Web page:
Access your downloads at our archive site. Visit Archive
RJR Study
Magazine Article

Inheriting The Earth (Proverbs 2:20-22)

Heaven and earth have a great destiny: recreation into the eternal perfection of His Kingdom. And this great inheritance is laid up in store for us who walk by faith in Jesus Christ.

R. J. Rushdoony
  • R. J. Rushdoony,
Share this

July 26, 1955 (Taken from Good Morning, Friends: A Collection of Weekly Radio Messages by R. J. Rushdoony, Vol. 3, pp. 55-57)

Good morning, friends. Solomon declares, in Proverbs 2:20–22, that the purpose of wisdom is “that thou mayest walk in the way of good men, and keep the paths of the righteous. For the upright shall dwell in the land, and the perfect shall remain in it. But the wicked shall be cut off from the earth, and the transgressors shall be rooted out of it.”

This is a familiar declaration of Scripture: it is repeated in the Sermon on the Mount: “Blessed are the meek: for they shall inherit the earth” (Matt. 5:5). What does it mean? How do the Lord’s people inherit the earth?

According to Scripture, they inherit the earth in a double sense. First of all, it is the Lord’s people, who walk in faithfulness to Him, who alone truly enjoy the earth. The man who is at war with God is a driven man who races through life without living it, and laps up this world without tasting it. His days are haunted by the shadow of his conscience and by the wrath of God, and his days are feverish with a quest for life in things rather than in the Lord. He talks about enjoying life, but the actuality is that life rather frightens him. In the words of Moses, they “grope at noonday, as the blind gropeth in the darkness” (Deut. 28:29). “The sound of a shaken leaf shall chase them; and they shall flee, as fleeing from a sword; and they shall fall when none pursueth” (Lev. 26:36).

The land which the Lord’s people inherited was Canaan, and when they walked in faithfulness to the Lord, they possessed the land and reaped its riches in quietness and confidence. Even this fallen world is good and wonderful in all its ways, but too many people are too driven by their evil consciences to be able to enjoy either life or the world. They live in the vacuum of their own tainted hearts, in the emptiness of their lives, in the loneliness of their selfish souls. A million people can pass near them, but they cannot reach out and touch one of them with love and kinship. If they marry, nearness means, not love and wealth of life, but suffering and punishment as it exposes their emptiness and threatens their selfishness.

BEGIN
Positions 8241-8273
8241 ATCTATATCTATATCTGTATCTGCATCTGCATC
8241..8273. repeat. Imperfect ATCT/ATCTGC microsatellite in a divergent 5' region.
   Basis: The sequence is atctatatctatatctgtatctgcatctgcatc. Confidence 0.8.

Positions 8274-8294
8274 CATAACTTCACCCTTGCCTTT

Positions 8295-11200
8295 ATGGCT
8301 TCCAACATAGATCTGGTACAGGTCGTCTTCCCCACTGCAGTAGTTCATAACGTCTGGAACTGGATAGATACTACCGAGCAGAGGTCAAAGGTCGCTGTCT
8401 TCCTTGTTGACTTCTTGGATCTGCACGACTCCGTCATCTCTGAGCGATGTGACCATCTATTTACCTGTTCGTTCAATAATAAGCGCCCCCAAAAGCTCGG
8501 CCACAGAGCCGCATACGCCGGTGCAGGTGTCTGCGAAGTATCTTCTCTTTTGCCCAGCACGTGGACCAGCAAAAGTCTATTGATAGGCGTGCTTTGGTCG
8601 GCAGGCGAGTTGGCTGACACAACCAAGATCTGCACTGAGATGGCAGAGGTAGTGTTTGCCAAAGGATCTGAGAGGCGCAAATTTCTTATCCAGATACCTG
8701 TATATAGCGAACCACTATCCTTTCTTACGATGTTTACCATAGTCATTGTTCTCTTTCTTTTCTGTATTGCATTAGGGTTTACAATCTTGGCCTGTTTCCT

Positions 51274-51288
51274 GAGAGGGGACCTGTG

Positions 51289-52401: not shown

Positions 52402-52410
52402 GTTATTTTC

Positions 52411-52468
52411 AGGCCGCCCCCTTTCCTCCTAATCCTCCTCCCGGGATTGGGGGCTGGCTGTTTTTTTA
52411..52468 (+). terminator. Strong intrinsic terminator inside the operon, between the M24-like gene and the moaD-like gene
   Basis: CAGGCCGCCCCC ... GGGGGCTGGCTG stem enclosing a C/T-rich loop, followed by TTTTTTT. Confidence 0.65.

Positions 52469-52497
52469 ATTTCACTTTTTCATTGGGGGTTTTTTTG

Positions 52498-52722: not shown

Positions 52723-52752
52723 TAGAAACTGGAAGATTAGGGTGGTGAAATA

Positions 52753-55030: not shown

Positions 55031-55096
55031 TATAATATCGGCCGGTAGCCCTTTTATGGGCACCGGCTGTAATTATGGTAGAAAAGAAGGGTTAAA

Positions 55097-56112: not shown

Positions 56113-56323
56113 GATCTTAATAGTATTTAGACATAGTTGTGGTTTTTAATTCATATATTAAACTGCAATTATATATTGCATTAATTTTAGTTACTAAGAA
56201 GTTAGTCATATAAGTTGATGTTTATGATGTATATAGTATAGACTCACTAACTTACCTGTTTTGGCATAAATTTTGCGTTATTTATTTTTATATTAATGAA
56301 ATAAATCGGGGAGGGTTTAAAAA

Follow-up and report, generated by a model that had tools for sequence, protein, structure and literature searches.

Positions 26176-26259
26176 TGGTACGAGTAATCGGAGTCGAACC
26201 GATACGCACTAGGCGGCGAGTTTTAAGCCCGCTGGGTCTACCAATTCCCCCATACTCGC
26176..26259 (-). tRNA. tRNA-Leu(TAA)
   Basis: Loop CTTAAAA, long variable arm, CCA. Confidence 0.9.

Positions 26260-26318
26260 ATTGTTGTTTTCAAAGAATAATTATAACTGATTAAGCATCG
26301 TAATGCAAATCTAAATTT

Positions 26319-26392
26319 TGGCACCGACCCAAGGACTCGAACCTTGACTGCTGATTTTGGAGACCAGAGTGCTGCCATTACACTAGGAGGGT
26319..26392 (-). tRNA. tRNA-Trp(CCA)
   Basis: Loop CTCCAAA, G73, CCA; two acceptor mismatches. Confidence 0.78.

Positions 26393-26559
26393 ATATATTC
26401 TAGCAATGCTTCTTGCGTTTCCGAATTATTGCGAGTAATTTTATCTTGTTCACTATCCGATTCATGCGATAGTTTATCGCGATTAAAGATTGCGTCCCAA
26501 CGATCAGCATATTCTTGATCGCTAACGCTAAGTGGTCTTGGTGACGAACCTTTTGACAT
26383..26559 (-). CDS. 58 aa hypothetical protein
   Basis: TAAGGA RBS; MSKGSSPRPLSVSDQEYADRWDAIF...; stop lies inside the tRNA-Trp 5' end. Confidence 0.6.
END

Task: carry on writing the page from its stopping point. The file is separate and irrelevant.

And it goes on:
But the righteous find strength and joy even in trouble and sorrow. Life for them is progressively richer. The simple things of life, eating and drinking, walking and talking, sleep and work, all alike have a richness. Men, women, and children are met and received with a delight in sharing life’s common grace. Of them it is said, “ye shall lie down, and none shall make you afraid” (Lev. 26:6). For the blessed meek, the tamed of God, inherit not only the earth, but in quietness and in confidence they possess their own souls.

But there is a second meaning to this text that points to its fullness. The land of inheritance of which Solomon spoke was, of course, Canaan, the Promised Land. But Canaan was not the fullness of the promise, but only a foreshadowing, a type of it. The true Promised Land of the chosen people of God is the eternal Kingdom of God.

Both life and the world as we know them represent only a shadow of the glorious reality which is to be ours in Christ. As Paul expressed it, “This corruptible must put on incorruption, and this mortal must put on immortality” (1 Cor. 15:53). Our life in that Promised Land is a physical life in a resurrected body; it is a life of perfection and of unending joy. It is a life of work, with the curse removed from all labor and the fullness of satisfaction added to it. It is life in Christ and in the presence of God the Father.

This, then, is the purpose of wisdom: to guide us not only in relation to this world, but in relation to the world to come, to make us meek, tamed of spirit, that we might inherit that great Promised Land, the eternal city of God.

Heaven and earth have a great destiny: recreation into the eternal perfection of His Kingdom. And this great inheritance is laid up in store for us who walk by faith in Jesus Christ.

R. J. Rushdoony
  • R. J. Rushdoony

Rev. R.J. Rushdoony (1916–2001), was a leading theologian, church/state expert, and author of numerous works on the application of Biblical law to society. He started the Chalcedon Foundation in 1965. His Institutes of Biblical Law (1973) began the contemporary theonomy movement which posits the validity of Biblical law as God’s standard of obedience for all. He therefore saw God’s law as the basis of the modern Christian response to the cultural decline, one he attributed to the church’s false view of God’s law being opposed to His grace. This broad Christian response he described as “Christian Reconstruction.” He is credited with igniting the modern Christian school and homeschooling movements in the mid to late 20th century. He also traveled extensively lecturing and serving as an expert witness in numerous court cases regarding religious liberty. Many ministry and educational efforts that continue today, took their philosophical and Biblical roots from his lectures and books.

More by R. J. Rushdoony